While the contact center’s performance is often measured in averages, it’s important to remember that any average contains high numbers and low numbers. The high numbers, of course, are top-performing agents. Middling performers tend to do around the average, and the lowest numbers are turned in by the lowest performers.
Contact center turnover is often very high, so many companies are hesitant to simply show the low performers the door before trying to salvage that person’s employment at the company. (Besides … there is no guarantee that he or she will be replaced by someone better.) Dealing with such agents is usually not at the top of any manager’s list of favorite tasks, according to a recent blog post by inContact’s Scott Ence.
“Working through awkward conversations with woeful underperformers and providing negative feedback is something that doesn’t come naturally for most leaders, and can be a painful topic for many employees,” he writes.
Often, these unpleasant encounters turn the manager/agent relationship adversarial if they are not handled properly. Ence recommends approaching the task like a sports manager would do.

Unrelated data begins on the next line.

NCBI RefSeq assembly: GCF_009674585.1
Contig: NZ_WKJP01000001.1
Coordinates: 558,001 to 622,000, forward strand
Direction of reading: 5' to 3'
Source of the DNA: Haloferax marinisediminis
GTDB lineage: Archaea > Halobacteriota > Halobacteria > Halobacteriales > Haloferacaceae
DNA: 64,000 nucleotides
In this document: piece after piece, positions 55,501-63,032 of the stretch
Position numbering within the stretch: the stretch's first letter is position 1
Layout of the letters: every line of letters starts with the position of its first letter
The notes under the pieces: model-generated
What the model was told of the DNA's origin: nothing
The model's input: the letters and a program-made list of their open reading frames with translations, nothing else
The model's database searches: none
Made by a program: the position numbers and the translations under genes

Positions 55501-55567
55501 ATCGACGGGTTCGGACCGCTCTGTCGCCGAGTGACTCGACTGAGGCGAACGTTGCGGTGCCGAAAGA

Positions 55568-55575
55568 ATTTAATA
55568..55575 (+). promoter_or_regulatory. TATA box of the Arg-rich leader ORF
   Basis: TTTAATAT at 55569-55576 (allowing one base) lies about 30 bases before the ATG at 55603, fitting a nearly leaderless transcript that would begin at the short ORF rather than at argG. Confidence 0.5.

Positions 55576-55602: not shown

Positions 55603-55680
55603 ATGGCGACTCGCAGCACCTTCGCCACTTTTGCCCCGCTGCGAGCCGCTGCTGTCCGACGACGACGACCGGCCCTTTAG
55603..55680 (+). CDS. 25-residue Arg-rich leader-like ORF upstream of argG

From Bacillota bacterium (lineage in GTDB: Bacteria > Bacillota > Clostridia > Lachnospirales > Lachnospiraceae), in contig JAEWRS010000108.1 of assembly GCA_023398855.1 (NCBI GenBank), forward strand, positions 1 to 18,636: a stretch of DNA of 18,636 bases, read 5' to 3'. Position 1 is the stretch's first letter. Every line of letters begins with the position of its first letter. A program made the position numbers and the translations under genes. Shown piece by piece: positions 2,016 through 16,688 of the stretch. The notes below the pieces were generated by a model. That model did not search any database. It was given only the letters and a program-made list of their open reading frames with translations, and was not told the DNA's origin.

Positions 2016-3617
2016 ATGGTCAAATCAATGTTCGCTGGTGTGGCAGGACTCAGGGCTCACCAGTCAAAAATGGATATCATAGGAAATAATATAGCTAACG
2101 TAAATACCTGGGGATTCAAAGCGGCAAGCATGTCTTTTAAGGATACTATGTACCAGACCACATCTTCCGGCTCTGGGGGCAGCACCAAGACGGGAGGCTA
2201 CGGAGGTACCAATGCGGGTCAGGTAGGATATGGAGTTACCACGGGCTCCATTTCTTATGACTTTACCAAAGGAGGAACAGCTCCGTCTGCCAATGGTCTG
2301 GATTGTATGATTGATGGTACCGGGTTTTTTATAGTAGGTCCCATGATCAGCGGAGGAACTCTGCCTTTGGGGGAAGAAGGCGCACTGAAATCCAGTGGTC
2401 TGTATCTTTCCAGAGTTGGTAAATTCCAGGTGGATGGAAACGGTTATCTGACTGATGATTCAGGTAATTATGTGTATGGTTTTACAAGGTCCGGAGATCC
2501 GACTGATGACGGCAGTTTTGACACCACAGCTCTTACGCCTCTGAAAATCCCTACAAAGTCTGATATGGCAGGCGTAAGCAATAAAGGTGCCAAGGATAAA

“On the field of competition, it is clear the coach and players are on the same team; they very clearly want the same goals. Is that always the case in your contact center? Are supervisors, managers and quality coaches clearly seen as “on my side,” or are they seen as something of an adversary?”
Often, one of the causes of poor performance is infrequent training (after the initial hire training), poorly targeted training and performance feedback that is infrequent or comes long after the agent has had a problem. Coping with missteps soon after they happen – in essence providing real-time feedback – can help employees correct their behavior better, nip small problems before they become large problems, and give underperforming employees the impression that a manager is trying to help rather than piling on that individual with a flood of negative feedback.
Encouragement is also critical, as is recognizing when an employee has made improvements, says Ence.
“During and after a game, a good coach will call out excellent performance by an individual,” he writes. “This should be done immediately and with specific observation. Remember, what gets rewarded gets repeated. A coach praising a certain player’s effort and hustle will certainly be noted by all the other players.”
The goal is to turn under-performing agents into willing team members who are invested in their own improved performance rather than adversarial warm bodies occupying a chair. Agents take their cues from managers, so be sure you’re sending the right messages.